Dr. Guy Eakin: Hi! I'm Dr. Guy Eakin, Vice President of Scientific Affairs for the BrightFocus Foundation. Today I'm going to talk about glaucoma, the leading cause of irreversible vision loss and ultimately blindness.
Glaucoma normally develops gradually with no real symptoms to warn of its presence. For this reason, it's often called the sneak thief of sight. Experts estimate that half of those affected by glaucoma may not even know that they have it. This is because there are normally no symptoms during the early stages of the disease. Therefore, those at a higher risk for developing glaucoma should have their eyes examined more frequently.
Paula Ernst: I've been having some kind of light disturbance with my eyes. So I made an appointment with the doctor and I was concerned it might be something related to stroke or something like that. So I went with that and they did finally decide that it was just that light sensitivity that you get prior to a migraine. So that I wasn't getting the headaches, but I was getting the lights. So that's they diagnosed that as a migraine related eye disturbance, but then also did the eye pressures and discovered the glaucoma.
Dr. Guy Eakin: If glaucoma is left untreated or undiagnosed, eventually the optic nerve can be damaged enough that the patient may notice vision changes. The first noticeable sign is usually this loss of peripheral or side vision. Blurry vision or difficulty reading are typically signs that indicate the needs for glasses, the development of cataracts or possibly other eye diseases.
For glaucoma, by the time peripheral vision is beginning to be lost, permanent damage to the optic nerve has been done. While there is currently no cure for glaucoma, and the vision loss can not be restored, treatments are focused on preventing any further loss of vision.
This is the case for open-angle, normal tension, and chronic closed-angle glaucoma. The exceptions are types of glaucoma such as acute closed-angle glaucoma. This disease comes on suddenly and does exhibit significant symptoms including pain, nausea, blurred vision, and sometimes even color halos around lights. If you or someone close to you is experiencing these symptoms, treatments should be started immediately.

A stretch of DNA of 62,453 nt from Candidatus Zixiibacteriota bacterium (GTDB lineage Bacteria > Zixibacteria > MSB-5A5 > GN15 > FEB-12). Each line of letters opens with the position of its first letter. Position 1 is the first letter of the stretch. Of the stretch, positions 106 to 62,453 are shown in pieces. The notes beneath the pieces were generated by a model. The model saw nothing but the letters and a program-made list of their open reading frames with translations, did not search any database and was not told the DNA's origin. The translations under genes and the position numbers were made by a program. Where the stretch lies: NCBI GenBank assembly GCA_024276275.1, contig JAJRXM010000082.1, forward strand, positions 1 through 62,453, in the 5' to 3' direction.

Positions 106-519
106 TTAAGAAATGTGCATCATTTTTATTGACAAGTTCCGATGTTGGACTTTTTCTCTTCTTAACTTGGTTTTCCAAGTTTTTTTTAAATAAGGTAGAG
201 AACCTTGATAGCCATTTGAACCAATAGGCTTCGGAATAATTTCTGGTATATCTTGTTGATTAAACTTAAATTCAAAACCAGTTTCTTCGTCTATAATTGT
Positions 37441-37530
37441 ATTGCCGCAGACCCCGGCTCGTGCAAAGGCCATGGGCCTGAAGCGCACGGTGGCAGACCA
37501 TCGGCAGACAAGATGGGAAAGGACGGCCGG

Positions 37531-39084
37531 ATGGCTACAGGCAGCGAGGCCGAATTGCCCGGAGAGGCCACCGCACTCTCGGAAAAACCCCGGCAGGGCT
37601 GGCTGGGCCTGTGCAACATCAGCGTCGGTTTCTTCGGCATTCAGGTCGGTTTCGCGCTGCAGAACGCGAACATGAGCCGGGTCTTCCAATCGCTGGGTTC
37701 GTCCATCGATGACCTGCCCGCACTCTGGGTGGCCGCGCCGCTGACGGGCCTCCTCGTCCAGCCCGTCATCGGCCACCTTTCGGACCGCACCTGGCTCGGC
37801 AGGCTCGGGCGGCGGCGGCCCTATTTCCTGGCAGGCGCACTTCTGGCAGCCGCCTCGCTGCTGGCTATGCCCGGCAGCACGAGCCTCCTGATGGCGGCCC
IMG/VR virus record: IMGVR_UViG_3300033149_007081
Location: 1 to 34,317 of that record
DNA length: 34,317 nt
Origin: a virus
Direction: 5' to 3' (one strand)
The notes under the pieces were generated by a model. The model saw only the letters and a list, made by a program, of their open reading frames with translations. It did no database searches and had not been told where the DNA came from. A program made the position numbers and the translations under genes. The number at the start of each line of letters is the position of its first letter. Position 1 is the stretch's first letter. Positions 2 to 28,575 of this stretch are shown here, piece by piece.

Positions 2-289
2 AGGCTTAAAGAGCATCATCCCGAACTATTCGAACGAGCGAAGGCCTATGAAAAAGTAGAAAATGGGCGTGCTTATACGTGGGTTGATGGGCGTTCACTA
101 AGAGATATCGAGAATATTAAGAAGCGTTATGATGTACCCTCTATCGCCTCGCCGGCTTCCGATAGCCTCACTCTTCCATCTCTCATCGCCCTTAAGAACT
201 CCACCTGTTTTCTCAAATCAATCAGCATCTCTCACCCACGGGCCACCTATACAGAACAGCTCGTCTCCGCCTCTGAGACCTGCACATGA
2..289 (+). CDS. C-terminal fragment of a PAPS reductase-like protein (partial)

Dr. Donald Zack: So usually patients don't know they have glaucoma. If they notice they have a change in their vision, that's bad, because that means they have very advance glaucoma. Most people with early glaucoma, and that's what we want to detect it, really don't know they have it. So number one, it's important to go see your eye doctor. So you have a chance of being diagnosed with glaucoma. Particularly, if you're at high risk.
High risk individuals are people who are a little bit older, people have a family history, meaning they have a relative with glaucoma, or people with certain racial and ethnic groups.
Dr. Guy Eakin: Your eye care professional will advise you how often to schedule your appointments. The regularity of your visits will depend on your particular level of risk for the disease as well as the disease type and the rate of progression of the disease.
Generally speaking, you should have your eyes examined at least every 1-2 years and possibly more often if your doctor is concerned about you developing glaucoma in the future. To learn more about glaucoma, check out the other videos in this series including how to diagnose glaucoma.